How Post Office puts CX in the hands of its employees
There are more than 11,500 Post Office branches around the UK, making it the country’s largest retail network. However, unlike other big brands that would take a cookie-cutter approach to running over 10,000 branches, the Post Office is different. Each of its branches is unique, each having its own quirks. Some are based in town halls and churches, some share a shop floor with another brand. Some are run by local community groups, while some Postmasters actually live above the shop.
So how does the Post Office deliver high-quality and consistent customer experience across such a varied set of branches? The person in charge is James Scutt, a former chef who’s bringing some of the lessons learned in the kitchen to bear on Post Office’s nationwide CX transformation.
On the demands of the hospitality industry
Focus on every potato’ - that’s what you need to keep in mind if you want to deliver good customer experience in a restaurant
I went to school in Falmouth, a big tourist town in the UK with a high number of hotels and restaurants. So it made sense that out of school I went to college and became a professional chef. I even won a few awards along the way.
When I was a chef, it was all about customer service not customer experience. And in the restaurant industry I quickly learned everything had to be 100% right - from the moment someone walks into the restaurant, to the moment they leave.
Nothing could be left to chance. If one customer had a bad experience, and you didn’t deal with the situation right away, things could spiral. And everyone in hospitality knows bad word of mouth will kill you in a community.
So that’s where my CX journey started - in an industry where things were always on a knife edge. And it was imperative that everyone in the restaurant understood their role in the overall experience - whether they were a kitchen porter, server, or chef. We could all make or break a customer’s overall experience.
On engaging Postmasters in the CX mission
Customers give their honest feedback about their local branch - so we empower our local Postmasters to own their CX
98% of our branches are run by franchise partners. So there’s only so far we can go with centralized efforts to improve CX - it’s mission critical we give ownership to the branch itself.
We do it by focusing on more traditional values of doing the right thing by customers - not NPS, as this doesn’t resonate as well with many branches.
Interestingly, our customers want to know that their feedback is going directly to their local branch. After all, our customers often know their Postmaster - they may be friends. Rather than complaining about the quality of service they are being constructive, to help the branch improve.
On brands’ role in the community
We’re doing our bit for the social economy
I’ve seen the difference a good Post Office can make. We have over 11,500 branches in the UK - and it’s often hard for people in cities to appreciate how they act as focal points for entire communities. Communities that may not be cashless or digitalized yet, and rely on the Post Office for a connection to the wider world.
We have branches run by local community or residents’ associations. Some double up as a venue for community or police-run events. Some of our Postmasters even live above the branch - these are real, local businesspeople, opening up a nationwide distribution network to other local businesspeople. We’re powering local entrepreneurship in so many ways and don’t take that task lightly.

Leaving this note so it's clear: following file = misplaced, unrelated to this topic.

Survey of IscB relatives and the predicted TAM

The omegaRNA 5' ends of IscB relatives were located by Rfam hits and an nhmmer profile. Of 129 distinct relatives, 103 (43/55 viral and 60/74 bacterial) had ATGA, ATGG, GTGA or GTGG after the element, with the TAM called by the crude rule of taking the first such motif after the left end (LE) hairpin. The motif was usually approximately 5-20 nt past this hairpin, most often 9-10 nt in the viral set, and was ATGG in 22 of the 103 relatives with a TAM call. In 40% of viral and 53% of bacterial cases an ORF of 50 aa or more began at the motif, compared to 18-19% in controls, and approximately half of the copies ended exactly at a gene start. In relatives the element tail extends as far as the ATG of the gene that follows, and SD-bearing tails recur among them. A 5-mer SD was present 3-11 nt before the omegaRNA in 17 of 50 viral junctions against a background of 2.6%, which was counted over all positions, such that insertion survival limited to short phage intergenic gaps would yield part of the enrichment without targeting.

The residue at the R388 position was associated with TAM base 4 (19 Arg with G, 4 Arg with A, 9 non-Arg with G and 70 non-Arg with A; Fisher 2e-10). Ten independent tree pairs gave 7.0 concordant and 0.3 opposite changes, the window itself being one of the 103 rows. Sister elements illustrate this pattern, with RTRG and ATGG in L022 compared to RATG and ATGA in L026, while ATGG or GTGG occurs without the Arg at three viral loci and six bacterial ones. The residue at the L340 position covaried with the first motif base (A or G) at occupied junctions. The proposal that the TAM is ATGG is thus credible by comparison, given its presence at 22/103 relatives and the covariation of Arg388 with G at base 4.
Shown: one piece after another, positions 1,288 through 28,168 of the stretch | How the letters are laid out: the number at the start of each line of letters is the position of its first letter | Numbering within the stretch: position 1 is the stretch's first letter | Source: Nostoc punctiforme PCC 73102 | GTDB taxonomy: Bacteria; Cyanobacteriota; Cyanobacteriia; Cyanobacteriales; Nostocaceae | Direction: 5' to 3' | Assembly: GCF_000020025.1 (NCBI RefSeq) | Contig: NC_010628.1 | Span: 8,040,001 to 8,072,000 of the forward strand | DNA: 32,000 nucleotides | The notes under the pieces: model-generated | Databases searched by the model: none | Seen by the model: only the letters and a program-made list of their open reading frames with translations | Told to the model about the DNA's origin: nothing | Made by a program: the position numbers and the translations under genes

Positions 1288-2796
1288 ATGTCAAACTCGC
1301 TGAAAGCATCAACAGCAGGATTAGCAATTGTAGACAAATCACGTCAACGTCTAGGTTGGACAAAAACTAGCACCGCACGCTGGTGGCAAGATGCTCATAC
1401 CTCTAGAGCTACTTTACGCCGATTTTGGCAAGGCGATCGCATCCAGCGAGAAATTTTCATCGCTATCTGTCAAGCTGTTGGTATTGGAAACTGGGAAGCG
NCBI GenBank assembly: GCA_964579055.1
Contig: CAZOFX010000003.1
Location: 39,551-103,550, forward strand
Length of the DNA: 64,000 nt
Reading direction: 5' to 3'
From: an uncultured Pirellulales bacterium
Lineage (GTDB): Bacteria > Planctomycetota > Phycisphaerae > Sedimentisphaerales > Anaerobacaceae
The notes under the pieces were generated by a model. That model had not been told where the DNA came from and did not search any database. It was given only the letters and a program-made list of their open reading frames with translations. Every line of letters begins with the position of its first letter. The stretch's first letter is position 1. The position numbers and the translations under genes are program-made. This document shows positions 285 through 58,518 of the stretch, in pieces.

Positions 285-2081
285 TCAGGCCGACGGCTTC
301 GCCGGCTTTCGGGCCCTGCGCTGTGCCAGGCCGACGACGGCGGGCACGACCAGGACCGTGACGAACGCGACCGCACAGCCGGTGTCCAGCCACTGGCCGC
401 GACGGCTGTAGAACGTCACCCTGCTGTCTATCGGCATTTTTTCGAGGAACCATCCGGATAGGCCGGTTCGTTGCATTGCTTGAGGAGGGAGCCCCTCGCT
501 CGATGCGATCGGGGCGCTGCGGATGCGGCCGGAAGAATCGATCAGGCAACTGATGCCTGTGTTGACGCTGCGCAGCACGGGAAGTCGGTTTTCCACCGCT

As a result, we’re so much more active in communities. This isn’t a corporate social responsibility (CSR) policy we’ve left to languish, or something we shout about in a marketing push. This is part of the Post Office DNA.
On delivering CX recommendations, not just numbers
By analyzing our customers’ written feedback, we can deliver insights that make sense to postmasters
With Qualtrics and its advanced text analysis software, we’re able to deliver plain-language recommendations to our branches. This makes so much more sense to Postmasters than, for example, telling them their NPS is 60, and it should be 63. Instead, we’re able to surface to them actionable insights that make so much more sense.
And we’re also able to go beneath the surface and discover whether things we thought of as a negative are considered the same way by customers. For example, branches being busy - with text analysis, we’re able to see that busyness is usually mentioned in a positive sense. Whether it’s the fact people are happy to see their branch doing well, or they’re complimenting staff on working so hard to serve so many people.
On the balance between technology and people
It’s not about technology vs people; it’s about useful vs not useful
With our position in cities and smaller towns and villages, we’re really seeing the varied attitudes towards technology. Its adoption is at different stages, so we need to account for different customer expectations and needs.
For us it’s always about delivering the best outcome for customers, while staying relevant and convenient.
Take, for example, our travel money cards. They’re safer and more convenient than cash, and just as easy to set up and maintain. Anyone can see their advantages over bundles of cash in your wallet.
But there will be other instances where the traditional way of doing things will still be preferred, and for us it’s about listening to customers, responding to their needs, and changing how we work.
As far as our Postmasters are concerned, it’s not about technology vs humans. It’s about ensuring that what we deliver via technology makes it easier for them to do their jobs and serve customers. Technology simply allows us to do this at scale, delivering specific recommendations to 1,000s of Postmasters.
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